Which Revolution?

Hugh D. Wilson wilson at BIO.TAMU.EDU
Mon Oct 7 11:19:28 CDT 1996

Tom DiBenedetto says:

"Interesting,,but how is this is any way opposed to cladistics, which
tries to do precisely that, i.e. order diversity into its inherent
hierarchical pattern?"

No opposition to cladistics, as a research enterprise, intended.
However, it seems to me that problems relating to *biodiversity* are
pressing/immediate and, in terms of priorities, dealing with these
requires hard data and "doing" as opposed to "trying".  The "doing"
in this case is creating/developing synonymized biotic checklists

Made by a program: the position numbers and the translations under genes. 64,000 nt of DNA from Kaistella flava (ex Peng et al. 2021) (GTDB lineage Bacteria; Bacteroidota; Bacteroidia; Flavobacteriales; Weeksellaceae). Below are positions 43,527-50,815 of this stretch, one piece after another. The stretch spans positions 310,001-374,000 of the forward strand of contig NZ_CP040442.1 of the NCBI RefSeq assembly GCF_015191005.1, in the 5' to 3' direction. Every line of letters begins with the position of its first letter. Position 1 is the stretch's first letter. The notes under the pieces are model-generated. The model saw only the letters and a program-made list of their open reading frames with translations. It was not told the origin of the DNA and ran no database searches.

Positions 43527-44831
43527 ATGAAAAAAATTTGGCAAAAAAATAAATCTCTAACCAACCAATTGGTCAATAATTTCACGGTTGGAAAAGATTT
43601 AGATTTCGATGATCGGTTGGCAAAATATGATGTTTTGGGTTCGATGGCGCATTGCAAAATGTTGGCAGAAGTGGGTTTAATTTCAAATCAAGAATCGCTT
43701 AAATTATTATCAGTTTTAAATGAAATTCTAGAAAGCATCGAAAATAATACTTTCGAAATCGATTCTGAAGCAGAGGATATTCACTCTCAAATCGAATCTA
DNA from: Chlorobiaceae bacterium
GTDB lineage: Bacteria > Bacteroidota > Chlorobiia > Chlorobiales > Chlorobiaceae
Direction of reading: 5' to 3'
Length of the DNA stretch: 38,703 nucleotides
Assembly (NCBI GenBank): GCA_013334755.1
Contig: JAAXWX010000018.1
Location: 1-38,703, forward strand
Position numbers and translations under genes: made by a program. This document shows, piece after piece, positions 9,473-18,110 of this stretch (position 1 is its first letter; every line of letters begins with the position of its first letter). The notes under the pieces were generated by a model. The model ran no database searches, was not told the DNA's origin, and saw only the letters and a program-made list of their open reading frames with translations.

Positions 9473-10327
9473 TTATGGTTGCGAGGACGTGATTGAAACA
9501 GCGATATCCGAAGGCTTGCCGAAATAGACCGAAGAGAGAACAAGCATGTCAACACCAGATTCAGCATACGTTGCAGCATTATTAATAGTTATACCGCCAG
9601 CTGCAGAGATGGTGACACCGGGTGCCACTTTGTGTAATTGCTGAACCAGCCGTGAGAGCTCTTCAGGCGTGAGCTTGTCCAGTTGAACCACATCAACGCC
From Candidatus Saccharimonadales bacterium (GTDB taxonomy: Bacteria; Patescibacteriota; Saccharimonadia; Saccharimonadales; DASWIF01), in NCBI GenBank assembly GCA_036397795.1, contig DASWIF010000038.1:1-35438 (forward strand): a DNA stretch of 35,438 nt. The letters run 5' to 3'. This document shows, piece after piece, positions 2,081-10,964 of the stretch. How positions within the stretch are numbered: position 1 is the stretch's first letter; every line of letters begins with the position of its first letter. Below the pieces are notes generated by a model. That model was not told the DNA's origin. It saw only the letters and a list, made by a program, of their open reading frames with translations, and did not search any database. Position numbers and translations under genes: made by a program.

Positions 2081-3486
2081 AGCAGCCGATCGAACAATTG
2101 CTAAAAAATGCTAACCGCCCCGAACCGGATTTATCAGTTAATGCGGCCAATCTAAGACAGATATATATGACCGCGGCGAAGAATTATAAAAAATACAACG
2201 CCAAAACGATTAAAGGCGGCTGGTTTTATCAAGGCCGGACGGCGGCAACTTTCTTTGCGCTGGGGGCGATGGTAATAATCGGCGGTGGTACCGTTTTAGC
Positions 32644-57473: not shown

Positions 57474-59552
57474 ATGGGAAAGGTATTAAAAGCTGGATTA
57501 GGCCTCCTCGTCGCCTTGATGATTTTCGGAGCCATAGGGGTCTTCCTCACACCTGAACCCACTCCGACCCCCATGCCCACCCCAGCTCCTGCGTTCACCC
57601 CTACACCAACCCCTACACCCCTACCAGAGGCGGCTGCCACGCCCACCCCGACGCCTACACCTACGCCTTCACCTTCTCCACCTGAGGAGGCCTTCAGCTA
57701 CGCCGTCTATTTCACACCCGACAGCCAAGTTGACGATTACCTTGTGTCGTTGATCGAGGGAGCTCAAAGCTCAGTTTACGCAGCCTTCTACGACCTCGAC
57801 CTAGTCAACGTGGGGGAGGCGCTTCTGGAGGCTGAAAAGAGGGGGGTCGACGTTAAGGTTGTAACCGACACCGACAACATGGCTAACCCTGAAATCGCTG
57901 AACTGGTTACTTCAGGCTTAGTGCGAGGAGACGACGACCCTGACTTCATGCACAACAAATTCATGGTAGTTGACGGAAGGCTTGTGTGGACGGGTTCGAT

that represent real circumscriptions of real taxa for a given
geographic area with - perhaps the hard part - linkage to material
housed in extant biodiversity collections.  This activity requires
'atomizing' of the sort mentioned at the start of this thread.  It
does not require answers to questions relating to phyletic polarity
or 'lineage' relationships, although 'real' circumscriptions (and
'real' taxa) can change as answers to these questions become

If the systematics community is to contribute data that helps deal
with various biodiversity problems, should we provide gene trees
that place the Apiaceae (Carrot Family) in the Asteridae (which is
interesting and available) or county-level mapping for US FWS-listed
species of the Apiaceae (which is useful and not available)?

Hugh D. Wilson
Texas A&M University - Biology
h-wilson at tamu.edu (409-845-3354)

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